Wi-Fi Access Points Could Be Ad-Targeting Goldmine
Behavioral targeting may no longer mean that the advertiser buys media armed with a browser-based cookie and a pixel tag. It appears that public Wi-Fi access hotspots can tell more about a person than some initially thought.
A study released by JiWire on Monday analyzes Wi-Fi access trends between January and June 2009. The report, which highlights market trends for advertisers, provides a snapshot of trends and the type of people who access data over public Wi-Fi.
Knowing the specific longitude and latitude of a person builds the foundation to serve up an ad as the person sits at Starbucks on Market Street in San Francisco, but integrating demographic data, data collected from local surveys, and prism clusters based on "ZIP-code-plus-six data" from Nielsen Claritas provides specifics.
Targeting consumers over public Wi-Fi access points has become more appealing for several reasons. For starters, past research shows that people spend on average of five hours daily outside the home or office, although many stay connected to the Internet through Wi-Fi, according to David Staas, senior vice president of marketing at JiWire.
Out-of-home marketers that reach out to consumers through billboards have been relying on a similar type of strategy for years. "With the shift, marketers want to know how this change impacts consumer lifestyles and behaviors, and the best methods to reach consumers who stay connected," Staas says. "We also see a 70% increase in the number of mobile devices accessing public Wi-Fi in the first half of this year."
Since June 2004 through June 2009, there has been 400% growth in public Wi-Fi hotspots worldwide. New York ranks No. 1 with 887 access locations for the top U.S. cities, followed by San Francisco at No. 2 with 872 and Chicago at No. 3 with 792.
In North America, public Wi-Fi access users jumped to 18.4%, up from 5.4% in March 2009. The majority -- 55.3% -- of people access public Wi-Fi through hotels and resorts, followed by 27% at airports, 10.5% at coffeehouses, 4.4% on cruise ships, and 2.7% on metro.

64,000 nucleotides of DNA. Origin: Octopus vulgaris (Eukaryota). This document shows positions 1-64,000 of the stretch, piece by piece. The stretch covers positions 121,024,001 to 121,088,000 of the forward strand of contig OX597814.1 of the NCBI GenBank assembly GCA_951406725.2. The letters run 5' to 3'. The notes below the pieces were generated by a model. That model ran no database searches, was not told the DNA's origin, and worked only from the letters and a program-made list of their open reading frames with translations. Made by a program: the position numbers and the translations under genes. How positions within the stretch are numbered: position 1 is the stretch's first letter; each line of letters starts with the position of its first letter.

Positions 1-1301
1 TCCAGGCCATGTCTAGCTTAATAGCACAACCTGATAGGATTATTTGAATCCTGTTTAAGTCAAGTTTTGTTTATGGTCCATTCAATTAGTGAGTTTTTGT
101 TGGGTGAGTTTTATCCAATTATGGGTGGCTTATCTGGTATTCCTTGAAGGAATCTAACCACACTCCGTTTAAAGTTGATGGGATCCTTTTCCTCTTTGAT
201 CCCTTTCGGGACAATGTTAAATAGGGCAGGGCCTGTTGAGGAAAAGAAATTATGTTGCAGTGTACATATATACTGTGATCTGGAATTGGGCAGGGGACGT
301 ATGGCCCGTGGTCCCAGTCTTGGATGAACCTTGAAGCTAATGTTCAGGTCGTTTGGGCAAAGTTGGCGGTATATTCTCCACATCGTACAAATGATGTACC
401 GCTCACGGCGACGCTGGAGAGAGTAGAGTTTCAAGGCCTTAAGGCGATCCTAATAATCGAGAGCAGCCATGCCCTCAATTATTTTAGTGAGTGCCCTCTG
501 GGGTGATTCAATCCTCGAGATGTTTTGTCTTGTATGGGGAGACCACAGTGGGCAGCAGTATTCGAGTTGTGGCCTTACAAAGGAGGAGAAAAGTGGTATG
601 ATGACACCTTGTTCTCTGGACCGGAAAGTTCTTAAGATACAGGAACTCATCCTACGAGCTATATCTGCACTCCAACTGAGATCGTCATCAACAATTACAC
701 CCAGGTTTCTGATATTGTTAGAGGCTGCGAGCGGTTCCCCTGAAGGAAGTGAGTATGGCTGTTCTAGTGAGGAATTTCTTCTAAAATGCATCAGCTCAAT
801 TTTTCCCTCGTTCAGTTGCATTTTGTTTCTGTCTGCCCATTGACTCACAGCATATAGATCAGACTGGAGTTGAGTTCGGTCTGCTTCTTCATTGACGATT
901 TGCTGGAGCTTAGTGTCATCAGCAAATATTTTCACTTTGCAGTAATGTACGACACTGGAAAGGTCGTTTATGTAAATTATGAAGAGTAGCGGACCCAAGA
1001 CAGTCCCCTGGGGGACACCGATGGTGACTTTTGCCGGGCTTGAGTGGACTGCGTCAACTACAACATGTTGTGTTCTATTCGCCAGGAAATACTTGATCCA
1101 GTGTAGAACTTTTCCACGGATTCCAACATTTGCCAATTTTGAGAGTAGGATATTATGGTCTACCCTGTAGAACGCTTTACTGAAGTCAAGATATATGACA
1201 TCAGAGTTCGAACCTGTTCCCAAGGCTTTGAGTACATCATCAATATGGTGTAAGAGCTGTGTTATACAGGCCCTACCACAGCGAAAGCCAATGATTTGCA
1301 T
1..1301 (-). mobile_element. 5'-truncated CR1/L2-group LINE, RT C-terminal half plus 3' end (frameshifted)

Most people who connect through public Wi-Fi in coffeehouses are upscale males in management positions, according to the JiWire study. In fact, 74% are male and 40% have management titles. About 80% of Wi-Fi café users connect locally. Forty-one percent connect for both work and fun. Of the 38% of Wi-Fi café customers who make purchases, 51% buy personal items, 15% make business-related purchases, and 34% make personal- and business-related purchases.
JiWire also looked at how people who frequent coffeehouses differ in different cities. So, the company analyzed coffee shops in San Francisco and Dallas. People in both cities had many of the same attributes, such as age, whether they owned a home or banked online.
Things that differed included household income. People who frequent coffeehouses in Dallas are 41% more likely to have a household income of more than $200,000 compared with San Francisco. In Dallas, 28% were likely to have a home valued at more than $500,000, and 17% more likely to have management titles.
Mobile has promise, but is largely seen as experimental. There had been concerns about tracking metrics, Staas says.
JiWire has built partnerships with more than 30 network providers, such as AT&T and T-Mobile, to deliver media and advertising across 30,000 public Wi-Fi locations, from coffeehouses to college campuses reaching about 20 million unique users monthly.
Staas says the industries that have had the most success targeting consumers over Wi-Fi include travel and hospitality, automotive, consumer electronics, entertainment and telecom. For example, Hyatt experienced a 39% click-through rate for a promotion that required people to take a virtual tour of the hotel demonstrating amenities for business travelers in exchange for free Wi-Fi access time.
The results from the survey reflect 2,057 randomly selected people connected via Wi-Fi in more than 6,500 coffee shops across the United States.